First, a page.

Carolrhoda Books 2013
Evan has spent the last few years moving from school to school and girl to girl. He doesn’t think much about his peripatetic life, nor his emotionless relationships until both end him at the wrong end of a violent assault. His hitherto distant father is suddenly an active if alien presence in Evan’s life, moving them back to the cabin on Pearl Lake where he himself grew up. Evan finds himself suddenly immersed in a community where everyone knows everyone, girls are more than just potential hook ups and is faced with not just the repercussions of his attack but also with the possibility that life isn’t what he’s been previously living.
Evan is well and truly fucked up. Not just physically, although he’s not going to be fighting fit for a while, but mentally. On surface level, he’s clearly suffering from PTSD with a hefty side order of guilt and self-loathing in terms of the assault that opens the book but as his story progresses it becomes clear that Evan has been pretty messed up for quite a while. He is a character that could easily have come across as unlikable, even misogynistic, but he’s not. The new kid at every school, Evan uses sex as a way to connect in environments where he sees no point in making actual friends – why bother, when he’s only going to move on again?
Evan’s relationship with his father is clearly lacking emotion and his ability to connect on any level other than sex seems to have somewhat atrophied. As readers get to know him better, it’s clear that he doesn’t dislike nor disrespect the girls he sleeps with. He, in fact, kind of admires them, is nice to them (if aloof) and muses on the unfairness of perception in terms of men, woman and sex. It slowly becomes apparent that perhaps the reasons that his conquests are deleted so quickly from his phone and life has more to do with his own initial sexual experiences than anything else. He’s all too aware that the way he lives his life is far from ideal and as he ponders this a stark portrait emerges of a lonely boy, looking for a “more” that is exasperatingly unclear to him. Ultimately, Evan is a nice guy who has utterly lost his way.
On arriving in Pearl Lake, Evan meets a group of teenagers who refuse to let him be the new kid, absorbing him into their group with disconcerting determination. He finds himself almost unwillingly making actual friends. The group are a mixed bag of characters but all are well written. Baker, the girl who inevitably catches Evan’s practiced eye is a girl who is in the process of realising that, regardless of how many rules you impose, the world works in its own weird way. Their friendship is interesting in that it’s full of a tension that is both familiar and yet utterly alien to Evan. Like all the girls in Sex and Violence, Baker is very at ease with her own sexuality. All of the young women are portrayed as being informed, vocal and strong-minded in terms of their sex lives, whether they are doing the actual deed or choosing not to – something that cannot be seen to often in YA fiction. The fact that they are juxtaposed with Evan and his promiscuity issues is just one of the aspects that make Sex and Violence so very good. In addition the kids who live at the lake, Evan also starts to bond with townie Layne and his young family. Layne and his brother could easily have been stereotypical, wrong-side-of-the-tracks fodder but their kindness towards Evan and his grateful acceptance of it are one of the highlights of the book.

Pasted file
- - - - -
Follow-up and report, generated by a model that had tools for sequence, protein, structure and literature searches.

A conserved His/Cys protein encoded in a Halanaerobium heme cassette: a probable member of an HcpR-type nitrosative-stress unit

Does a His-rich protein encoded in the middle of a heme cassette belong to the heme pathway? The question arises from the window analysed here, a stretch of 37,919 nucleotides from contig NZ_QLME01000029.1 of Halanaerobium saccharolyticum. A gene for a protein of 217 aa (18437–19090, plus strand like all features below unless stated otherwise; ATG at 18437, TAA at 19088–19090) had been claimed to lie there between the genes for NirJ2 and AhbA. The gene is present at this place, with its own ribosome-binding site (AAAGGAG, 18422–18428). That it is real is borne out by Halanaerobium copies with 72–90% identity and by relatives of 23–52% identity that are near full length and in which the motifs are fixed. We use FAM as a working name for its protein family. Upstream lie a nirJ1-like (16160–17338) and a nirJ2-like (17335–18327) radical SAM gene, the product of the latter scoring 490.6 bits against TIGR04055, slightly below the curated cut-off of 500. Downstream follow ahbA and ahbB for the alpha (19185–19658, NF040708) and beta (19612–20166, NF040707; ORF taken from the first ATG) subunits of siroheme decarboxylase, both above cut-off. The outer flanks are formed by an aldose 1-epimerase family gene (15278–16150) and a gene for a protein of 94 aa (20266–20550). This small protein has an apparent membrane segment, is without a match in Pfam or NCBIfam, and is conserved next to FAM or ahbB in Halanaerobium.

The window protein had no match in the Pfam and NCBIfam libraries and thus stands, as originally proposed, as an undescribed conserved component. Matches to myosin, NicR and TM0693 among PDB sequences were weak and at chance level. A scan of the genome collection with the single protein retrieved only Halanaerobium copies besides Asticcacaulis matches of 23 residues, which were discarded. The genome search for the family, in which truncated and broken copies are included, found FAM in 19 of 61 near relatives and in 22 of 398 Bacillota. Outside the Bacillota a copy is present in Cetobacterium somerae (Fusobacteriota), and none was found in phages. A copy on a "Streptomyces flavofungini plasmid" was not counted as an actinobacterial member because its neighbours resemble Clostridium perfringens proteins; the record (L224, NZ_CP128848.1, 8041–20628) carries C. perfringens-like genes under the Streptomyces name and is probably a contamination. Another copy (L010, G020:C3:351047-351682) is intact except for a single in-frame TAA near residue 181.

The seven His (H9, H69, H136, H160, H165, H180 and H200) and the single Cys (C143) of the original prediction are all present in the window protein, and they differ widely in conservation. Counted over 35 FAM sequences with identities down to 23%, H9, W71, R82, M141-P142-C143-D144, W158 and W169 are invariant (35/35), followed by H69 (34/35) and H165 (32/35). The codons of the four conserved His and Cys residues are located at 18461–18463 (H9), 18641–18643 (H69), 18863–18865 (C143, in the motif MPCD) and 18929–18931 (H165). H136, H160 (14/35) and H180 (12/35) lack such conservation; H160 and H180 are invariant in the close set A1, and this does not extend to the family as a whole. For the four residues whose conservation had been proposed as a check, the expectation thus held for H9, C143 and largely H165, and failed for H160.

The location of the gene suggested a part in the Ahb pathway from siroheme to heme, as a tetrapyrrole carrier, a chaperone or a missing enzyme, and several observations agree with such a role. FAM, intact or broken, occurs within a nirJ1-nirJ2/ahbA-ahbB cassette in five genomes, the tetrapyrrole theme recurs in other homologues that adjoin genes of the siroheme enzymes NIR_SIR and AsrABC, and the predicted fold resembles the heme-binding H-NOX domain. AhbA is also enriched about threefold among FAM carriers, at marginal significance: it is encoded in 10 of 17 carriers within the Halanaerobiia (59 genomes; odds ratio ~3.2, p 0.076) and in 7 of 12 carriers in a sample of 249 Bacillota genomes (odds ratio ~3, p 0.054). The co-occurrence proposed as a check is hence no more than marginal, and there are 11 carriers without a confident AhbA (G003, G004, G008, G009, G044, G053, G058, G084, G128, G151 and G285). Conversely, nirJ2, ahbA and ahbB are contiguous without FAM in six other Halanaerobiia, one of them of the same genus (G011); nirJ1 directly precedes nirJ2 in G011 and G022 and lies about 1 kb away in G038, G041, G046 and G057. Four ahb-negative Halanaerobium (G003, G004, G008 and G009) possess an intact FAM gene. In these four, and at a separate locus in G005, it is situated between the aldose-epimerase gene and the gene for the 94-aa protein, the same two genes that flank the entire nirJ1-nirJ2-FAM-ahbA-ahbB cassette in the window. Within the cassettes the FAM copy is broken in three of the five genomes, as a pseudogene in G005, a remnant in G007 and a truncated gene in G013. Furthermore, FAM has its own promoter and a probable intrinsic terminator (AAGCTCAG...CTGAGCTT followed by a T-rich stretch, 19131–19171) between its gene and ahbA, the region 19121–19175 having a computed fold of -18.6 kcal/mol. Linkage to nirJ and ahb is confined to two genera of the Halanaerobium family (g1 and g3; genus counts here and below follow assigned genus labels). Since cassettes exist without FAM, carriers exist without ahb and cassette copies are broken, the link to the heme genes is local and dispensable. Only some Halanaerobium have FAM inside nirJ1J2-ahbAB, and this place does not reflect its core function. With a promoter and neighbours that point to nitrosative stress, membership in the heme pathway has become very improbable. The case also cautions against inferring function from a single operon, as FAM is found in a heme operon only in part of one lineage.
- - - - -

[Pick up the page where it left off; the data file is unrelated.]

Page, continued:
Sex and Violence, while having a compelling storyline, works best as a coming of age, stream of consciousness sort of deal. Evan has, by far, the strongest narrative voice that I have come across in a long time. Mesrobian rather beautifully imbues him with intelligence, self-knowledge and self-deprecating humour while also allowing readers to see what lies beneath before Evan sees it himself – not an easy trick to pull of when the entire book is seen from the depths of Evan’s screwed up mind. The setting is well chosen and well written, with a side story involving Evan’s family and an abandoned house adding both background and pathos although if the book has a flaw it is that these aspects were perhaps not explored as fully as possible and led to a degree of resolution that felt a little rushed. However, it’s a minor quibble when looking at a debut novel that is incredibly accomplished. Don’t be put off by the somewhat blunt title (surely dreamt up by the marketing department, yes?) – Sex and Violence is so much more than that and stands out as one of the top titles of 2013.
This review was brought to you by Splendibird. Sex and Violence is available now (although has sadly yet to pick up a UK publisher so head to the 'tinternet for a copy UK'ers). Thank you to Carolrhoda Books and Netgalley for providing us with this title to review.